Every company has competitors. The question is whether or not yours are willing to act maliciously to get the upper hand. 

#4: Organized crime

The fourth category is organized crime. Their motivation is, perhaps, the most obvious: to make money. Organized criminals have extensive financial resources, time and skills. They’re among the most capable adversaries you’ll face. 

For example, in the middle of the global COVID-19 pandemic, a group called The Maze Team attacked Texas’s Affordacare Urgent Care Clinic and held their systems hostage. The attackers demanded a ransom to unlock the systems so medical staff could get back to treating patients. 

This demonstrates that profit is an incredibly strong motivator, even when it could literally cost lives.

To determine if you should concern yourself with this attacker, ask yourself:

  • Do you need access to your data or operational capabilities every minute, without exception? If so, this attacker might attack in ways that prevent the availability of services in order to force you to pay quickly to avoid downtime.
  • Do you protect valuable data or intellectual property that has monetary value to other companies, governments or groups? If so, this attacker might want to steal those assets in order to monetize them.
  • Is your company publicly traded? If so, this attacker might take a short position on your stock and then attack in order to drive the stock price down when the news breaks of your security breach. 

Making money is enormously motivating, so if your system provides criminals a way to make some by attacking, you should be wary of this attacker type.

#5: Nation-states

The ultimate category of possible attackers is nation-states. Nation-states are the most capable and dangerous attacker type there is. They are countries who seek geopolitical advantage. They have tremendous resources, including plenty of money, skill and computational power. 

Consider NotPetya, a strand of malware used in what is considered to be one of the most devastating cyberattacks of all time, which experts widely attribute to Russia’s intelligence services. The attack spread rapidly, shutting down or outright destroying operations for businesses all over the globe.

To determine if you should concern yourself with this attacker, ask yourself:

  • Do you collect information that would be beneficial to a rival nation-state (such as location tracking, usage behaviors or other data about the people of your own nation)? If so, nation-state actors might want this information to inform their financial, political and other strategies as they compete against your nation.
  • Are you involved with critical infrastructure, such as delivery of medical care, power, water, emergency services, food supply, manufacturing, public health, cybersecurity or any other basic needs of your nation? If so, a nation-state actor may want to disrupt these services, either as a stand-alone attack or in conjunction with a physical attack.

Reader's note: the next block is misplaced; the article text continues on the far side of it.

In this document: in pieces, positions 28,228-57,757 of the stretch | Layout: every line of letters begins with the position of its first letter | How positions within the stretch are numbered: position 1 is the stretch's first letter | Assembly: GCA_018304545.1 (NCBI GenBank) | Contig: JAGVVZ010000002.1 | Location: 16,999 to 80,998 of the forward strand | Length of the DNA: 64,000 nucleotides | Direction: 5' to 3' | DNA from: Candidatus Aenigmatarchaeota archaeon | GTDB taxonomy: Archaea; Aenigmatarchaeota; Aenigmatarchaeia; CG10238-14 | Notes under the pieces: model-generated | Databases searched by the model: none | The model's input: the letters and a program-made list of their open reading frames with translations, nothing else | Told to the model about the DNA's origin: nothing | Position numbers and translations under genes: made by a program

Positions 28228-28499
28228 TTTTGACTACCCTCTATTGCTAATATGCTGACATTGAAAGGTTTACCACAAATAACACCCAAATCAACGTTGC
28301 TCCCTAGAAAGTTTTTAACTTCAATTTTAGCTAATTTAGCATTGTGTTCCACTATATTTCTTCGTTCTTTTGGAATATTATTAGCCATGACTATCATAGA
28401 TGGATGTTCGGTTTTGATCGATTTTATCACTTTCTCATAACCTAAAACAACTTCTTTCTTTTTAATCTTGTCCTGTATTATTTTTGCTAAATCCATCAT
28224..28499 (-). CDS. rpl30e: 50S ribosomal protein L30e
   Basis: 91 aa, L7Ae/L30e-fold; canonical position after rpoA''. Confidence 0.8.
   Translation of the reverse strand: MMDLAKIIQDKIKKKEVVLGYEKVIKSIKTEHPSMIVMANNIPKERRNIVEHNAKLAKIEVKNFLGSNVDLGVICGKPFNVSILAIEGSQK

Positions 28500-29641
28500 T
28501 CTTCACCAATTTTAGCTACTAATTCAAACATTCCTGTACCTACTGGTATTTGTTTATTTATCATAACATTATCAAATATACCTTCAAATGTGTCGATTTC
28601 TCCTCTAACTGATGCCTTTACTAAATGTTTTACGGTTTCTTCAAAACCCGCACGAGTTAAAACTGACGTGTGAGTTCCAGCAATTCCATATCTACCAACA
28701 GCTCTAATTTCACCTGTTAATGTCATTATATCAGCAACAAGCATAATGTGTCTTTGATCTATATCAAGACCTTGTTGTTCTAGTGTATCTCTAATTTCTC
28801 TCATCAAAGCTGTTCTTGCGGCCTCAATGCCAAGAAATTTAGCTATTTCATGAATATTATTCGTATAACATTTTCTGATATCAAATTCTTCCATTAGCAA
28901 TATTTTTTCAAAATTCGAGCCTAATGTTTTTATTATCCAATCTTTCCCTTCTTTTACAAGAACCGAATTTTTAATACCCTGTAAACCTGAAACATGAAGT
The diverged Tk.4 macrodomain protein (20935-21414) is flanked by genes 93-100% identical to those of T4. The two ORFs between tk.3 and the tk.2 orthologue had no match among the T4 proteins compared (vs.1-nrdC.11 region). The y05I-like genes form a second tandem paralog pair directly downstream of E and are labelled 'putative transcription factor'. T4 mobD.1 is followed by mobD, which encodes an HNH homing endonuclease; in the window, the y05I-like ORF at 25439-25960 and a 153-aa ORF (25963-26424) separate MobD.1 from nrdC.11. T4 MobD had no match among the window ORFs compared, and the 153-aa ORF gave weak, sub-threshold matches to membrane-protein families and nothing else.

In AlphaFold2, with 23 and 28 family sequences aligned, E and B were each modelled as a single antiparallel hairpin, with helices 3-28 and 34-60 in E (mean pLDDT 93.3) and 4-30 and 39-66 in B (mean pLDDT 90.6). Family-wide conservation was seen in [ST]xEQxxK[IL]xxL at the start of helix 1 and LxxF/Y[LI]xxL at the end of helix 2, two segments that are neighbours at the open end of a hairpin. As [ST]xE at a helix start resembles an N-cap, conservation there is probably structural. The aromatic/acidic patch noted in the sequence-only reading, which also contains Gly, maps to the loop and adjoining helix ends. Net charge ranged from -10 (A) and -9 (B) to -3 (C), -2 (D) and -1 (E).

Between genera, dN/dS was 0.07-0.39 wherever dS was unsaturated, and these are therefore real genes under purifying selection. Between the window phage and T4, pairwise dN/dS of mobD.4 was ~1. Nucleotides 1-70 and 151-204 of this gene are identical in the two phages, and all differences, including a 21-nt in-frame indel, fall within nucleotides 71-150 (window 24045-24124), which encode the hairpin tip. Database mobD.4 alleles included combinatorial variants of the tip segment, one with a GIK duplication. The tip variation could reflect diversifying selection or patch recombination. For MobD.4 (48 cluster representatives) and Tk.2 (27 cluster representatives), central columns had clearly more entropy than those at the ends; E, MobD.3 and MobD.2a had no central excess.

Many companies assume that a nation-state would not focus on them, but don’t be so sure. Even if it’s not immediately obvious to you, consider ways that a nation-state actor could achieve geopolitical gain by attacking your system.

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Motivation matters

Defending against attackers requires thinking like them. A key element of that is understanding who your attackers are and what motivates them. 

Now that you know who the primary external attackers are, and why they might want to attack your company, you can lay the foundation of your security plan. To do that, next you’ll want to identify the assets you want to protect, the areas of your system that are exposed to attack, and how those areas might be abused or misused. 

For now, simply take the first step of understanding who you’re up against. Recognize that they’re not all the same, and, finally, recognize that attackers are just like you and me — they’re driven to do things because of what motivates them.

Ted Harrington
Ted Harrington

Ted Harrington is the #1 bestselling author of "Hackable", which led to his TED talk “Why You Need To Think Like a Hacker.” He’s the Executive Partner at ISE, the company of ethical hackers famous for hacking cars, medical devices, and web apps; he also co-founded START, software which simplifies vendor risk management. His clients include Google, Amazon, and Netflix, and he has been featured in more than 100 media outlets, including The Wall Street Journal, Financial Times, and Forbes. His team founded IoT Village, an event series whose hacking contest is a four-time DEF CON Black Badge winner, and he hosts the Tech Done Different podcast.